My dear readers, unfortunate gravity and perfectionism have seized and bound my pen of late. The desire to write well has stymied me from writing at all. As the Italian proverb has it, “The perfect is the enemy of the good.” The only solution, since I cannot convince myself that I write well, lies in writing badly. After all, Theodore Roosevelt advises that the best thing to do in any situation is the right thing, the next best is the wrong thing, and the worst is to do nothing at all. This advice may actually be false in regard to politics, but in the realm of writing it bears certain truth. And so, I have proposed to myself to write one post per diem–not necessarily on this blog–for a fortnight.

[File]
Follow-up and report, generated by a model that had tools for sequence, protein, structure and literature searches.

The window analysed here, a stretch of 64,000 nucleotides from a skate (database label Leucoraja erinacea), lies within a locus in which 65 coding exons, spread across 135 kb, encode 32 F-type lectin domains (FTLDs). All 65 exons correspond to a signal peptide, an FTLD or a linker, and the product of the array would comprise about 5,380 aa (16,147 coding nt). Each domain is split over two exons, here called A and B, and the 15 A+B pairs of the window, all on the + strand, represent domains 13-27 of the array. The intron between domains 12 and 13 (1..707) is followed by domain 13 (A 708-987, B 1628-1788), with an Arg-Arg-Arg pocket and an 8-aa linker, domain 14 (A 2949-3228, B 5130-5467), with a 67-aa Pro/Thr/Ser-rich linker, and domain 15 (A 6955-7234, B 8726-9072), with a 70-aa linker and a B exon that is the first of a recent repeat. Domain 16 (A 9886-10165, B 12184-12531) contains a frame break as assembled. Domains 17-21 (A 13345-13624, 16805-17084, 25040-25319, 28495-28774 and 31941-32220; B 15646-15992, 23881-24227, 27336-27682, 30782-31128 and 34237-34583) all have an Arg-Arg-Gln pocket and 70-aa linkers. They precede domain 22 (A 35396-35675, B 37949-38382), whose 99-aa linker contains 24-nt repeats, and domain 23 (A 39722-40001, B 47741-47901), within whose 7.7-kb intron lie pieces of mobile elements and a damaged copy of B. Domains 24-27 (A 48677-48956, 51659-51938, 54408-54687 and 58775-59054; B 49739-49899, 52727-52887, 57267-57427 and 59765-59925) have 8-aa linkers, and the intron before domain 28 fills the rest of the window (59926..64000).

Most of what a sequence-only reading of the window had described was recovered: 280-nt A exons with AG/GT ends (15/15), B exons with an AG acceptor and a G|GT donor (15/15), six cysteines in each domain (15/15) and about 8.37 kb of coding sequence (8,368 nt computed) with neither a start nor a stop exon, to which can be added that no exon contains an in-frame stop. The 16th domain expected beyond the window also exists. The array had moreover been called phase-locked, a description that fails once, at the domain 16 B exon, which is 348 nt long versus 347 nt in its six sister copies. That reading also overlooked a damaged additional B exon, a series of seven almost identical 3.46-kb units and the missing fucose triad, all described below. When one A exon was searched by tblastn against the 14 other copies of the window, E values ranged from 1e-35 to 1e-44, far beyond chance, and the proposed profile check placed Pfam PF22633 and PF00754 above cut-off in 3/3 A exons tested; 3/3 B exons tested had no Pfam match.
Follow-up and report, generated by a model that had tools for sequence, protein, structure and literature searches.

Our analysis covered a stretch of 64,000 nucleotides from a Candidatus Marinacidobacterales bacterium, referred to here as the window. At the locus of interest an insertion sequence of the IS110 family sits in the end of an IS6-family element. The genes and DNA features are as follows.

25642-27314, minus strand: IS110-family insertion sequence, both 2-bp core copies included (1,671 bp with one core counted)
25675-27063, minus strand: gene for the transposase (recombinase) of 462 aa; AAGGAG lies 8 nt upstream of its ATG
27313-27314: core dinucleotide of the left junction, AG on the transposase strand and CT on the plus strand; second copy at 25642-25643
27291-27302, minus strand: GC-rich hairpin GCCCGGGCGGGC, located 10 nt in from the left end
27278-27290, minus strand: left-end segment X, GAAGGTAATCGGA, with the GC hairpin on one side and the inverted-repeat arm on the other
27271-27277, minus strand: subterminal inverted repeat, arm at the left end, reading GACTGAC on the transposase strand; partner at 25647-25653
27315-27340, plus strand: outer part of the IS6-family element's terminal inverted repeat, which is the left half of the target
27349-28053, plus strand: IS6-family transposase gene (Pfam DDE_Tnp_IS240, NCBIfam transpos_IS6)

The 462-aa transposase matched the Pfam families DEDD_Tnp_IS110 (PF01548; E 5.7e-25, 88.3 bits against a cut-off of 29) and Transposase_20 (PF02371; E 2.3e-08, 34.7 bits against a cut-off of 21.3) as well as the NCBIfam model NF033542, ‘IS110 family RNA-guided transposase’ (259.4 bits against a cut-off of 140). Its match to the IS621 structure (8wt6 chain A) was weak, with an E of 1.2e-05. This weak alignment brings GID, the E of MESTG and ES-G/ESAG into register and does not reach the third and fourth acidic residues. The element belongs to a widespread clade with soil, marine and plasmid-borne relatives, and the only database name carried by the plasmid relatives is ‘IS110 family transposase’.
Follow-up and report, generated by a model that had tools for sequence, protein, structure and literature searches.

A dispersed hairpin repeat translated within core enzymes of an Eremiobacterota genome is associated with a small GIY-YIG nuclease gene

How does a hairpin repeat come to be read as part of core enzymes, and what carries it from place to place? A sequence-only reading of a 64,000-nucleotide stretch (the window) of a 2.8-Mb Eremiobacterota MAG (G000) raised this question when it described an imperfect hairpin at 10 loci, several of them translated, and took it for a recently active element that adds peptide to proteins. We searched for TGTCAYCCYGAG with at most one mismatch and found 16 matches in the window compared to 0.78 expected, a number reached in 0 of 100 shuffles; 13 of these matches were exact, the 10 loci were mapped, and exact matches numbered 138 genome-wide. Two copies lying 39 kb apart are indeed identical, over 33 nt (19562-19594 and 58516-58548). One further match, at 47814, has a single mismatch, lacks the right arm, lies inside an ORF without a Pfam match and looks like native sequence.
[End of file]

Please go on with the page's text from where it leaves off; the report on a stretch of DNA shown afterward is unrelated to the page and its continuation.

The title of this post, “De Hilaritate,” is the closest I could translate “On Levity” into Latin. If I had written “De Levitate” instead, the present article would be praising fickleness or changeableness, which deserve no praise at all. When I speak of levity, I speak of that virtue related to cheerfulness and humility, which all the saints have and often reveal in the most dour of times–as when the martyr St. Lawrence, as he roasted alive over a grill, said: “I’m well done on this side. Turn me over and eat!” At the same time, the excess of gravity, rooted in pride and despair, is shared by all the citizens of hell. This might strike many of you with surprise as many religious types, myself included, have a tendency to face life with a serious countenance, as seems reasonable considering an eternity of heaven or hell awaits us depending on how we have lived. However, the devout always carry joy in them–the joy of being united to Christ, and extra seriousness at the beginning of conversion must give way to levity as our faith in God’s goodness and salvific will increase.